June 25, 1999

New program gives state high schoolers research experience

New program gives state high schoolers research experience

Twenty talented high school seniors from across the state are spending their summer vacations getting acquainted with the vast array of scientific medical research being conducted at Vanderbilt University Medical Center.

Since June 13, the group has been investigating potential medical research topics with faculty mentors from the schools of Medicine and Nursing, learning essential computer skills, volunteering service and soaking up the expertise of numerous faculty members on a variety of health and science topics.

The students – chosen from more than 500 applicants from high schools across Tennessee – will be at VUMC through July 10 as part of the Tennessee Governor's School for Health Sciences.

VUMC is one of nine such "schools." The goal of the new program is to provide the students an intellectual challenge through research experiences in the health sciences, with exposure to both current technology and the medical setting of a hospital.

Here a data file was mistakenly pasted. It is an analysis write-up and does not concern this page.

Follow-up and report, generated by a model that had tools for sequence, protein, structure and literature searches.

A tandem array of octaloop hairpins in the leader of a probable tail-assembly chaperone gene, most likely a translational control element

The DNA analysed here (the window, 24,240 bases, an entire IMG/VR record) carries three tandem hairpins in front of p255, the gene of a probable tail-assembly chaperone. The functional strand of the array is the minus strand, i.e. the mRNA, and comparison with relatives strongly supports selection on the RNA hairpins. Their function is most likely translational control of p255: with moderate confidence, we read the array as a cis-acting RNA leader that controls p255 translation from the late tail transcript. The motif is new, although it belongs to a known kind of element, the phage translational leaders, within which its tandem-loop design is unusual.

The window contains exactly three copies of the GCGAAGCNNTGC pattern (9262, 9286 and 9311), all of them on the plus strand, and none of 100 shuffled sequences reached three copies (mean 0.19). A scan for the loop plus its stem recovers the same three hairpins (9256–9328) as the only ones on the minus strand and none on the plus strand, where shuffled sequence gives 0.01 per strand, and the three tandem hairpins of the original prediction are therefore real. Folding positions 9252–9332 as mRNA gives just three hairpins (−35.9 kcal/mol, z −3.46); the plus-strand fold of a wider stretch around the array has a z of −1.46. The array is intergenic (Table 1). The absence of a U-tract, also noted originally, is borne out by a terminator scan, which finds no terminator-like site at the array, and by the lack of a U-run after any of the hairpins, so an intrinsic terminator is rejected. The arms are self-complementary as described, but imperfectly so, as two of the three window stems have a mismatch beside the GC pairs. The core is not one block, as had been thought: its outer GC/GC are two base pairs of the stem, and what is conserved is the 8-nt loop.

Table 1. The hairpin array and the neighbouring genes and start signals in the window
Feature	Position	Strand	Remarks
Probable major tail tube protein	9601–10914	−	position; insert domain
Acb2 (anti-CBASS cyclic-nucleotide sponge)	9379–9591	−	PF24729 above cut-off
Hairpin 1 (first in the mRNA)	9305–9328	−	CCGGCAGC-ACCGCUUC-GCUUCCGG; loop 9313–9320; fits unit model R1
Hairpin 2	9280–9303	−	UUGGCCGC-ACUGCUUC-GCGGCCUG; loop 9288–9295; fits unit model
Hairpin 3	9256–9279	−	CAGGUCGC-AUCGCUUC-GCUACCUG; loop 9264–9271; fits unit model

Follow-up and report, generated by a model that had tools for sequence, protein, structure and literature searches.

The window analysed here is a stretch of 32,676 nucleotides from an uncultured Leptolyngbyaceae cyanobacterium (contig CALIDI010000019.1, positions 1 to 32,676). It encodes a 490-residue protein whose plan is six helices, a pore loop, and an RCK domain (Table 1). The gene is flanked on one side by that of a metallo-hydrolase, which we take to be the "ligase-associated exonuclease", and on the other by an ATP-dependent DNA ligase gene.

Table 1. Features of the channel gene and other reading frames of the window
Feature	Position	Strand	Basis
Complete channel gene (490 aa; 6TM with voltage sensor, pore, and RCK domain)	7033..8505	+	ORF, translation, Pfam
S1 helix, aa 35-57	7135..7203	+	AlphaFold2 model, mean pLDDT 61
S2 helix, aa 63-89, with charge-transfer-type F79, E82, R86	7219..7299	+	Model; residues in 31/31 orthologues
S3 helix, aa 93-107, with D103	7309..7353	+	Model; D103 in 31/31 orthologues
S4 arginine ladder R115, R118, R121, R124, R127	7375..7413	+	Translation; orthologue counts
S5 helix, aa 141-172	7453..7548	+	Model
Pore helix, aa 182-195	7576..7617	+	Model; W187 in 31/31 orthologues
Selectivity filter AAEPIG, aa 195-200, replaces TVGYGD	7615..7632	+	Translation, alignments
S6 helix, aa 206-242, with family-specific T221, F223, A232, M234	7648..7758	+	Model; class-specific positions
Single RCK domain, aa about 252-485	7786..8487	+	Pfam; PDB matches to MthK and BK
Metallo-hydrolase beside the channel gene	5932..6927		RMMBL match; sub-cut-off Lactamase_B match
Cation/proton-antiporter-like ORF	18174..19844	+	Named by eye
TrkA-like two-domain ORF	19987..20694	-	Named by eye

"In choosing the participants, we tried to get a variety of expressed interests in different areas of health care," said Dr. Vera A. Chatman, professor of the Practice of Human and Organizational Development and director of the Governor's School coordinating committee.

Career interests among the high-schoolers range from pharmacist to researcher, yet the program is wide enough to cover a myriad of academic disciplines and career opportunities in health and health sciences.

"I think the neatest thing about the mentorship program is that we're getting introduced to so many different areas," said Alicia Cooper, who will be a senior at Craigmont High School in Memphis.

By the time the "school" ends in July, the students will have explored the fields of allied health, nursing, medicine and scientific research and will have completed and presented a mentored research project.

They will also have been exposed to some of the fundamentals of research, including hypothesis development, background material research, statistical analysis and presentation of findings. The students will have also learned how to utilize on-line databases and the Internet in the development of a research project, and will have participated in at least one community service project with medical student members of the Community Scholars Program.

In addition to numerous presentations and distinguished guest speakers, Governor Don Sundquist will visit on July 2, from 8:30 a.m. to 10 a.m. in Light Hall.

Chancellor Joe B. Wyatt will host a "family day" reception on Saturday, June 26. This Kirkland Hall event, according to Chatman, is designed to show the commitment and enthusiasm of Vanderbilt toward the Governor's School.